According to here, explicit:

Specifies constructors and conversion operators (since C++11) that don't allow implicit conversions or copy-initialization.

Thus, are these two techniques identical?

struct Z {
        // ...
        Z(long long);     // can initialize with a long long
        Z(long) = delete; // but not anything smaller

struct Z {
        // ...
        explicit Z(long long);     // can initialize ONLY with a long long

5 Answers 5


No, they're not the same. explicit disallows implicit conversions to that type if that constructor is selected - implicit conversions in arguments don't matter. delete disallows any construction if that constructor is selected, and can be used to disallow implicit argument conversion.

So for instance:

struct X {
    explicit X(int ) { }

void foo(X ) { }

foo(4);      // error, because X's constructor is explicit
foo(X{3});   // ok
foo(X{'3'}); // ok, this conversion is fine

That is separate from deleteing a constructor:

struct Y {
    Y(int ) { }
    Y(char ) = delete;

void bar(Y ) { }

bar(4);      // ok, implicit conversion to Y since this constructor isn't explicit
bar('4');    // error, this constructor is deleted
bar(Y{'4'}); // error, doesn't matter that we're explicit

The two techniques are also orthogonal. If you want a type to not be implicitly-convertible and only constructible from exactly an int, you can do both:

struct W {
    explicit W(int ) { }

    template <class T>
    W(T ) = delete;

void quux(W );

quux(4);      // error, constructor is explicit
quux('4');    // error, constructor is deleted
quux(4L);     // error, constructor is deleted
quux(W{'4'}); // error, constructor is deleted
quux(W{5});   // ok
  • blech, unnecessary use of uniform init. Use direct init plix.
    – Puppy
    Apr 19, 2016 at 19:53
  • 2
    @Puppy You downvoted me because I used braces? Seriously?
    – Barry
    Apr 19, 2016 at 19:55
  • 2
    Actually, brace initializers are also encouraged by Stroustrup (section 6.3.5, "The C++ Programming Language - 4th ed.", B.S., 2013). Apr 19, 2016 at 20:27
  • 1
    @Puppy: They call it uniform init because it always works and is never wrong. Why would you possibly want to avoid that?
    – Kevin
    Apr 19, 2016 at 22:28

They're not identical.

Z z = 1LL;

The above works with the non-explicit version, but not with the explicit version.

Declaring constructor of Z explicit doesn't prevent conversion of the constructor argument from another type. It prevents the conversion from the argument to Z without calling the constructor explicitly.

Below is an example of explicit constructor call.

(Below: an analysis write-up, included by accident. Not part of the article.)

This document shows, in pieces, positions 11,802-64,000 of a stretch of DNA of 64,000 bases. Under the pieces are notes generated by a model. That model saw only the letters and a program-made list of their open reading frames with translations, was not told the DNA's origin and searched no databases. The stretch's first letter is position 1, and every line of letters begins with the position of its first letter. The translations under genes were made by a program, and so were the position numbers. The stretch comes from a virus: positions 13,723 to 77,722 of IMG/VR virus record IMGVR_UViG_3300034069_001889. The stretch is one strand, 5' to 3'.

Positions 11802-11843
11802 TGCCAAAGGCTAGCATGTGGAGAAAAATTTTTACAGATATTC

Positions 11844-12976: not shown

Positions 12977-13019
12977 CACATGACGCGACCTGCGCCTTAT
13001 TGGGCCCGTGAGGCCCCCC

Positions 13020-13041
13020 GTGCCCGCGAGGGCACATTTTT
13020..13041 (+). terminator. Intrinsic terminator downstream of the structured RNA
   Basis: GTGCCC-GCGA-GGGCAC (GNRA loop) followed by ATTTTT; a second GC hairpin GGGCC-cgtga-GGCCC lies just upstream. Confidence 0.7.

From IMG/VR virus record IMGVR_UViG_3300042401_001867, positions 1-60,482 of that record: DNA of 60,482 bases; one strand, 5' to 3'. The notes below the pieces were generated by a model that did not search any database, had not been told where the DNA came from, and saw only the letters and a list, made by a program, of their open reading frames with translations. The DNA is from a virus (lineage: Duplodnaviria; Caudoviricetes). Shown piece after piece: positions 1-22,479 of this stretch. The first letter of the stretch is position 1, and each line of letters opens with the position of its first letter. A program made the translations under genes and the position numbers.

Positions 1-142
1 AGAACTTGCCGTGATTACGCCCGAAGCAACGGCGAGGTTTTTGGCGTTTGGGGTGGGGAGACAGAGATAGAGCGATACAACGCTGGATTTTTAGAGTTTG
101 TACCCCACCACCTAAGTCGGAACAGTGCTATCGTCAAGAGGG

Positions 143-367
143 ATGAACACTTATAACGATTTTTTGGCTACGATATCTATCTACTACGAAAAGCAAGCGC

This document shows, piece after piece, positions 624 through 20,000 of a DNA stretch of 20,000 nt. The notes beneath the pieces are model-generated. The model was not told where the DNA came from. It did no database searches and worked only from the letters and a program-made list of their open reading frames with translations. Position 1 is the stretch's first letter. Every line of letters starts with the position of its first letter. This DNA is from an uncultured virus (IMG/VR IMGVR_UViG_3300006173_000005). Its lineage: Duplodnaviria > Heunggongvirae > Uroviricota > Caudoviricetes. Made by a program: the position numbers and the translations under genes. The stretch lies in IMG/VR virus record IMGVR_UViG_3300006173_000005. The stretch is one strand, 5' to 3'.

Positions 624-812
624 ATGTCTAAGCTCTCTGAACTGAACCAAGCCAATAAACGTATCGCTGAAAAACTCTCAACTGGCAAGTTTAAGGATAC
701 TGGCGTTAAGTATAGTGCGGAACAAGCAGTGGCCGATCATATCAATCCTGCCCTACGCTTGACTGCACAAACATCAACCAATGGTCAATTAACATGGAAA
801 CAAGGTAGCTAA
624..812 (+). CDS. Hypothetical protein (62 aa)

Z z = Z(1LL);
  • 3
    Note, that calls the explicit constructor, and also the copy/move constructor. Z z(1LL); would call only the explicit constructor. Apr 19, 2016 at 21:09

explicit blocks implicit conversion to your type.

Your =delete technique blocks implicit conversion from long to long long.

These are almost unrelated.

There are 4 cases that illustrate the difference:

Z z = 1L;
Z z = 1LL;

is an implicit conversion from long and long long to Z.

Z z = Z(1L);
Z z = Z(1LL);

is an explicit conversion from long and long long to Z.

explicit Z(long long) blocks:

Z z = 1L;
Z z = 1LL;

while Z(long)=delete blocks:

Z z = 1L;
Z z = Z(1L);

explicit Z(long long) allows Z z = Z(1L) because the conversion from long to long long is implicit, but unrelated to the explicit conversion to Z that happens afterwards.

Note that a mixture of explicit and =delete leaves only Z z=Z(1LL) as valid among your 4 versions.

(the above presumes a valid copy or move ctor; if not, replace Z z=Z(...) with Z z(...) and the same conclusions result).

struct Zb {
        Zb(long long)
        {};     // can initialize with a long long
        Zb(long) = delete; // but not anything smaller

struct Za {
        // ...
        explicit Za(long long)
        {};     // can initialize ONLY with a long long

int main()
    Za((long long)10);  // works
    Za((long)10);       // works    

    Zb((long long)10);  // works
    Zb((long)10);       // does not work

    return 0;

Your example requires explicit deleting.

Live: http://cpp.sh/4sqb


They are not the same.

From the standard working draft n4296:

12.3.1 - [class.conv.ctor]:
1 A constructor declared without the function-specifier explicit specifies a conversion from the types of its parameters to the type of its class. Such a constructor is called a converting constructor.

2 An explicit constructor constructs objects just like non-explicit constructors, but does so only where the direct-initialization syntax (8.5) or where casts (5.2.9, 5.4) are explicitly used. A default constructor may be an explicit constructor; such a constructor will be used to perform default-initialization or valueinitialization (8.5).

Followed by an example of each one respectively:

struct X {
    X(const char*, int =0);
    X(int, int);

void f(X arg) {
    X a = 1;        // a = X(1)
    X b = "Jessie"; // b = X("Jessie",0)
    a = 2;          // a = X(2)
    f(3);           // f(X(3))
    f({1, 2});      // f(X(1,2))

With explicit constructor:

struct Z {
    explicit Z();
    explicit Z(int);
    explicit Z(int, int);

Z a;                      // OK: default-initialization performed
Z a1 = 1;                 // error: no implicit conversion
Z a3 = Z(1);              // OK: direct initialization syntax used
Z a2(1);                  // OK: direct initialization syntax used
Z* p = new Z(1);          // OK: direct initialization syntax used
Z a4 = (Z)1;              // OK: explicit cast used
Z a5 = static_cast<Z>(1); // OK: explicit cast used
Z a6 = { 3, 4 };          // error: no implicit conversion

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